Similar to the field of orthodontics, the average prosthodontist receives an additional three years of training following dental school. And though prosthodontics is something of a cosmetic field like orthodontics, it's primarily concerned with replacing missing teeth. Prosthodontists have a number of teeth-replacing procedures to implement, including filling veneers, onlays and inlays, bridges, crowns and complete or partial dentures. Beyond their work in implant dentistry, these experts treat a number of other mouth-related ailments, namely snoring, post-cancer jaw reconstruction, traumatic injuries and pain related to lock jaw and other temporomandibular joint disorders.
Oral and Maxillofacial Radiologist
Similar to endodontists, these specialists - one of nine such unique fields recognized by the American Dental Association - utilize machinery to treat and diagnose patients. Specifically, these dentists make use of radiographic imaging to treat those diseases and ailments that impact the teeth, mouth and the maxillofacial region, which consists of the face and jaw. While X-rays are a popular option, OMRs also rely on plain and computed tomography, MRIs, ultrasounds and other forms of digital imaging. OMRs are among the first adaptors of new technology, using innovations in the field of imaging to find increasingly effective ways at understanding the impact of oral disease and what that means to patients.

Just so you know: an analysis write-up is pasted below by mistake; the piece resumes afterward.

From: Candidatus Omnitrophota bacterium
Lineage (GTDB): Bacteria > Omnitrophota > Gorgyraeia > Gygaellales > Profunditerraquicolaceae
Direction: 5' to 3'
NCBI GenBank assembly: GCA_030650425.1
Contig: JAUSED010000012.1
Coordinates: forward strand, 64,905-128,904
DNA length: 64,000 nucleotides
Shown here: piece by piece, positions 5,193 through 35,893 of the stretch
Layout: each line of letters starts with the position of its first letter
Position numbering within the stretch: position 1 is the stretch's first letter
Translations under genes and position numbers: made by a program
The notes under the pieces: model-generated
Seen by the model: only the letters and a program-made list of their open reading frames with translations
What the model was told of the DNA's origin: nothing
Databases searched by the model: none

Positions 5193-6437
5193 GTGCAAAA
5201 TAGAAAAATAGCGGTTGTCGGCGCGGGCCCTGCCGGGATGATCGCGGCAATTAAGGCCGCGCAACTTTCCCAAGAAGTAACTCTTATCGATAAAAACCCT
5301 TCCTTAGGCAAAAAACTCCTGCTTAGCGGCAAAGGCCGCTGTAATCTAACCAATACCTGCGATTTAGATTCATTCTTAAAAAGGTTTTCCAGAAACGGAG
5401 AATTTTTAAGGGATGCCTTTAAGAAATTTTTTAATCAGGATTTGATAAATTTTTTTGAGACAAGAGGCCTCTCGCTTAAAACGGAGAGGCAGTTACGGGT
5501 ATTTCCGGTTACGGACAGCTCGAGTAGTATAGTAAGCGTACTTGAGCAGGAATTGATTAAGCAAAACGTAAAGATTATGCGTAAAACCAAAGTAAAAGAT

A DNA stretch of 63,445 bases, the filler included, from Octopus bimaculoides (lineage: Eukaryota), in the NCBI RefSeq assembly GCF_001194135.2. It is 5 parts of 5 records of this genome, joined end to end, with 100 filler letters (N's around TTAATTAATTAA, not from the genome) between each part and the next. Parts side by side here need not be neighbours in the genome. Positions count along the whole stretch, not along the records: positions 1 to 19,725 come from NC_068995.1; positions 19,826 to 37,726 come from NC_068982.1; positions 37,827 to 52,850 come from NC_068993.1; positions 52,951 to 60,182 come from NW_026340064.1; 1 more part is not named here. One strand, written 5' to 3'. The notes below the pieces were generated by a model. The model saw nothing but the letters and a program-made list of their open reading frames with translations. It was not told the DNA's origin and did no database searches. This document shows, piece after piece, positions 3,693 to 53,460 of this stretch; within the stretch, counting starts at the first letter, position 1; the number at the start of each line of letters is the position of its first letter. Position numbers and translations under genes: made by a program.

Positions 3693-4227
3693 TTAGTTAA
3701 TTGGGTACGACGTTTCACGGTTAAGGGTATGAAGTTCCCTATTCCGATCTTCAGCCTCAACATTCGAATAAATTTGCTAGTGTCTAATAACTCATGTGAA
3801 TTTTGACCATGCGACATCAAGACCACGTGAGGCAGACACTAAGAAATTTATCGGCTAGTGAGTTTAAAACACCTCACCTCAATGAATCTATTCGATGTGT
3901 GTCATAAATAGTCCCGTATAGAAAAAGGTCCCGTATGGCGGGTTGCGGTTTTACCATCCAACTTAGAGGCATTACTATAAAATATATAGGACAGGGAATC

Oral and Maxillofacial Surgeon
Your primary dentist may refer you to an oral and maxillofacial surgeon if you experience facial pain, or if he or she suspects you have some variety of oral cancer. OMSs are also your primary source when planning most oral surgeries, like tooth extractions, cyst repairs and removals, and dental implants. However, an OMS can also treat a number of other ailments and diseases related to the maxillofacial region. For instance, malformations in your facial bones can cause sleep apnea, and an OMS can perform corrective surgery that removes or shapes bone. Many of these experts are also involved with more cosmetic procedures, performing or assisting with facial implants and rhinoplasty, in which the nose bone is modified.
Dental Public Health Clinics
These clinics are available in most cities across the U.S., and they're meant to offer affordable health care to many low-income families and individuals. Though it differs depending on the specific clinic, the average clinic offers only the most essential oral care services, including X-rays, teeth cleaning, basic root canals and repairs, and tooth extractions. The fees an individual pays depend on a number of different factors, and most clinics have a sliding-fee that is determined equally by income and family size.